Odors accompany people, even more than taste, for a lifetime. Odors not only convey information, they also influence emotions. Pleasant and unpleasant scents and taste warn people, trigger well-being or convey enjoyment. Every year around 50, 000 people in Germany suffer from disorders of the sense of smell and taste - such as sinusitis or Parkinson's disease. Even a simple cold can significantly affect the sensation.
Interplay of smell and taste
The scent of freshly ground coffee, fresh bread, bread rolls or cookies at Christmas time awakens feelings and memories in every person and "makes your mouth water". But with your tongue, food and drinks taste bland, and the food is not fun, if you can not smell it. Taste and smell must work together so that a harmonious whole comes out of it.
How the sensory cells work with smelling and tasting
The sense of smell and taste are chemical senses: it is the invisible molecules of the starting materials that reach the olfactory mucosa via the mouth and nose. Salty or sweet, sour or bitter - only these four flavors recognize the tongue with the help of their taste buds. There are special cell networks, so-called receptors, which transmit the perceived taste to the brain.
By means of the nose, however, one can distinguish thousands of smells. The olfactory cells, also called "olfactory sensory cells, " are activated by odors. Almost all of these nerve cells are located in a small area in the roof of the nasal cavity, the olfactory epithelium. Here are millions of olfactory cells. From there, the signals are transmitted via the olfactory nerve directly to the brain.
An important role in the interplay of smell and taste plays the trigeminal nerve, the sensory nerve: This cranial nerve, which splits into three branches that extend to the eye, upper and lower jaw, conveys sensations such as the burning of chili or the cooling effect of menthol.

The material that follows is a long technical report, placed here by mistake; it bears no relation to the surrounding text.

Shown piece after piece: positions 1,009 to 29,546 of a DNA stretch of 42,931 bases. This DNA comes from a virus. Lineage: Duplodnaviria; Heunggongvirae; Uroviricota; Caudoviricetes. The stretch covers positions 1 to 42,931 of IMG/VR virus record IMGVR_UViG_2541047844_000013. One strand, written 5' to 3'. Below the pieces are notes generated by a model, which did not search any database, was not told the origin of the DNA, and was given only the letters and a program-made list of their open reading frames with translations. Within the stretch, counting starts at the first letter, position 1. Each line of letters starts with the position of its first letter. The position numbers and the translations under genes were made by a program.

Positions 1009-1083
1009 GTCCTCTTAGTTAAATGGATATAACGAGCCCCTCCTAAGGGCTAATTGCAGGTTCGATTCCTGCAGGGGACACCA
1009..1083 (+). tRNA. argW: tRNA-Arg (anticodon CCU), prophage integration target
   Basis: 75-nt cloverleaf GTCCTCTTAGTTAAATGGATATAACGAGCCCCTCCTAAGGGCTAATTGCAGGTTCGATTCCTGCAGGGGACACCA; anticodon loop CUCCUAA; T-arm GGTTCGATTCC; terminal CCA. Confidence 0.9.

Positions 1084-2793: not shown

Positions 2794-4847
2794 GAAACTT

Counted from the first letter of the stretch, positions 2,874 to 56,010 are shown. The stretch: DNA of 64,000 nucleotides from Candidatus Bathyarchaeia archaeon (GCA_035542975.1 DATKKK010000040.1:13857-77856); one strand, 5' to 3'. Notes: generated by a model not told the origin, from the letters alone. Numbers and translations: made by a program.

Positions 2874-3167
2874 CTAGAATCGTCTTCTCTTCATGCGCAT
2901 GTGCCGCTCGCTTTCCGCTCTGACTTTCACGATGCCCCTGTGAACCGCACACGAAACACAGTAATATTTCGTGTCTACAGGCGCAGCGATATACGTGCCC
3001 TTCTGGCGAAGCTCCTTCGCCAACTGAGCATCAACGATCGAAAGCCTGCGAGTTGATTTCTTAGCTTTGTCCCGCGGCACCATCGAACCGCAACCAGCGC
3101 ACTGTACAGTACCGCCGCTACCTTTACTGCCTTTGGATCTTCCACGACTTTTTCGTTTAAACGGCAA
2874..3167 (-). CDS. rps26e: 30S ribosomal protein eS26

Diseases and diagnosis
"Hyposmia" medicine calls a disease in which the smelling ability has been partially lost. "Anosmia" is the technical term for the complete destruction of the sense of smell. A common cause of a temporary loss of smell and taste is in most cases a cold. Here it is swelling of the nasal mucosa, which leads to impairment of the sense of smell.
Influenza viruses also colonize the mucous membranes and can temporarily disturb the epithelium of the olfactory mucosa. Likewise, nasal polyps affect the sensation of smell. The sensory perceptions return after the disease subsides.
To find out the cause of the disease, the doctor examines the nose, the nasal mucosa and the nasopharynx. Then he checks separately on both sides of the sense of smell and doing it also a taste test. An examination of the patency of the nose and an allergy test are also required to rule out an allergy. If necessary, the paranasal sinuses are examined with the help of X-rays or computed tomography.
Olfactory disorders in Alzheimer's and Parkinson's
If there is no cold, the doctor will check if there are central olfactory disorders in the brain, for example diabetes, hypertension, malnutrition or malnutrition. Even some medications can disturb the sense of smell and taste. Research has shown that in about 80 percent of all Parkinson's and Alzheimer's patients, olfactory disturbances occur at an early stage. The causes of the odor disorders in both diseases are not in disturbed olfactory sensory cells, but directly in the brain.
From around the age of 65, the ability to regenerate the olfactory cells decreases. The perception of taste is also formed, if not so strong, back. Therefore, many older people spice their food too much and prefer desserts. From the age of 80, 80 percent of the population suffer from disturbances of smell and taste. For smokers and people who, for example, work a lot with strong-smelling chemicals in their jobs, the sense of smell is limited.